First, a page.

The number of people unemployed for 27 weeks or longer in the US rose by 203,000 in February to 3.8 million. As we noted previously, this is the desperate shadow hanging over the so-called recovery. What is more problematic is the stunning findings of a new study that only 11% of the long-term unemployed in any given month found full-time work a year later.
When you ponder the implications of allowing a small group of powerful wealthy unaccountable men to control the currency of a nation over the last one hundred years, you understand why our public education system sucks. The average American has experienced a fourteen year recession caused by the monetary policies of the Federal Reserve. Our leaders could have learned the lesson of two Fed induced collapses in the space of eight years and voluntarily abandoned the policies of reckless credit expansion, instead embracing policies encouraging saving, capital investment and balanced budgets. They have chosen the same cure as the disease, which will lead to crisis, catastrophe and collapse.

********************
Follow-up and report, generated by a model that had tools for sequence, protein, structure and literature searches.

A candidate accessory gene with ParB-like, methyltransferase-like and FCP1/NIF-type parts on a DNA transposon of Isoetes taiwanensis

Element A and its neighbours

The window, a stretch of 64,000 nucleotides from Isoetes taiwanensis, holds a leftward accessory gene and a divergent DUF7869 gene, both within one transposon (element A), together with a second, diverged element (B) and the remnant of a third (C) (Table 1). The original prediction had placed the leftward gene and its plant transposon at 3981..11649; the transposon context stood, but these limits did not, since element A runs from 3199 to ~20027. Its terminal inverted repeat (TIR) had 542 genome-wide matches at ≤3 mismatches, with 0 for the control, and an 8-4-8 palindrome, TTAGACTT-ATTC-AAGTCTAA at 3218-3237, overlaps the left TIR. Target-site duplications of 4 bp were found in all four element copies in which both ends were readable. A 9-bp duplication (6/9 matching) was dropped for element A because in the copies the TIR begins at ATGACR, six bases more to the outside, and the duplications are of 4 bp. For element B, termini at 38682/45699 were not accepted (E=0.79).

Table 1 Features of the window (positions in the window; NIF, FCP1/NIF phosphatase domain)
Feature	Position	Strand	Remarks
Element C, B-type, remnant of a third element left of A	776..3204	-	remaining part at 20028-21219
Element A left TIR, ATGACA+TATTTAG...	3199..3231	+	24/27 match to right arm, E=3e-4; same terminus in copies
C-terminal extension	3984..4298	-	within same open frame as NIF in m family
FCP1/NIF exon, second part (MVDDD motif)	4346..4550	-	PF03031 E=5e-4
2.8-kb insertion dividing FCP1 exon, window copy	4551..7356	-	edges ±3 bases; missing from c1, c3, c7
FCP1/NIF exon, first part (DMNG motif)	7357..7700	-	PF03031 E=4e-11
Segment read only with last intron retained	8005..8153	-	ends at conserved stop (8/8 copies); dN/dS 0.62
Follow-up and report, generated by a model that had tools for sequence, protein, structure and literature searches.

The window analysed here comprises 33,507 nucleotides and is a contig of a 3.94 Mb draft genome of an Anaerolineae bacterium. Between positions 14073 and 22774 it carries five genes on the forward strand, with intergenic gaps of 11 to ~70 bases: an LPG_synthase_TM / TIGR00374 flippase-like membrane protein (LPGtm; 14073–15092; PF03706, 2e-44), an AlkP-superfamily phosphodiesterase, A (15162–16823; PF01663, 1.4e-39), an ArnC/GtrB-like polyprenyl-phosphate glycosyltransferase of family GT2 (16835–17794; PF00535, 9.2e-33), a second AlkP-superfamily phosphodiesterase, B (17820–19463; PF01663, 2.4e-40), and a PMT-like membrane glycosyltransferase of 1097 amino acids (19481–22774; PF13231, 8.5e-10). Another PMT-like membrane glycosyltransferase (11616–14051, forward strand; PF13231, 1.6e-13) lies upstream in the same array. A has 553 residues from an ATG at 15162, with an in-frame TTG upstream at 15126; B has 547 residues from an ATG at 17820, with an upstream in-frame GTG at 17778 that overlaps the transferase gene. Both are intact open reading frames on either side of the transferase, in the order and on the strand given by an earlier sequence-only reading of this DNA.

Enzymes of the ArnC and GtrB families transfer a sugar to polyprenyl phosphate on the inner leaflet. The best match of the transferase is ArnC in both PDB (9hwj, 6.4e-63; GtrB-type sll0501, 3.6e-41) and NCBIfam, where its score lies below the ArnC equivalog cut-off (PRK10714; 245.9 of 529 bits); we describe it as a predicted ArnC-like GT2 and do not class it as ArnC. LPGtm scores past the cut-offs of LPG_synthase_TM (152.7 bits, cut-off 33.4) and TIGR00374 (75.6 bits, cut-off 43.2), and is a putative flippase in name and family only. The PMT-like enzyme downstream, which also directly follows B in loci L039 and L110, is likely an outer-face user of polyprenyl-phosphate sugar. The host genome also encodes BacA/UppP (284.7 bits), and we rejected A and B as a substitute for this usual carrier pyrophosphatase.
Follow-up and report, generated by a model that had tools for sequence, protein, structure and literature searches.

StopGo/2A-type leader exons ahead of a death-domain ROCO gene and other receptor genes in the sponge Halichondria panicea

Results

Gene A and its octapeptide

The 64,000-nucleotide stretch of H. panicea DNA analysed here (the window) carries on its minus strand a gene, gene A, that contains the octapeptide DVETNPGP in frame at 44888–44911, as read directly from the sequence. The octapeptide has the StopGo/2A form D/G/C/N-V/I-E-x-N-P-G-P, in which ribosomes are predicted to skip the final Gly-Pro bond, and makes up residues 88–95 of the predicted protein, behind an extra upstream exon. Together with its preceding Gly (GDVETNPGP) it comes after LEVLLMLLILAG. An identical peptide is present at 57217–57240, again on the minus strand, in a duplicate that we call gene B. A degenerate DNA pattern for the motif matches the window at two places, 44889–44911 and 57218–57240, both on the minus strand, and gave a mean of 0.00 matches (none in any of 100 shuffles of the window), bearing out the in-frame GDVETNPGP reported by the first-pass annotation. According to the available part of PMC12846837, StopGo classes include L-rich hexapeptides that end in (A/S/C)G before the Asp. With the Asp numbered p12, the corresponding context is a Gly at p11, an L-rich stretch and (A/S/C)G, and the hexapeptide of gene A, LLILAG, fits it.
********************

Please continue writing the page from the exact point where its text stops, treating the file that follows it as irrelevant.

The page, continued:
It’s evident that the economy isn’t growing strongly because of conditions that central bankers themselves created, by encouraging excessive borrowing and disregarding moral hazard. In other words, the problem isn’t so much that the Fed can’t deliver another debt-fueled boom, but that it shouldn’t be trying to cure a credit bust with more borrowing in the first place. Sadly, though, this idea falls in the same category as the notion that the Fed’s balance sheet isn’t the right tool for job creation. It’s too damning a thought to be accepted by central bankers who’ve shackled themselves to a philosophy of ceaseless intervention. It’s also too basic for economists who prefer abstract theories and mathematical models over reality-based thinking.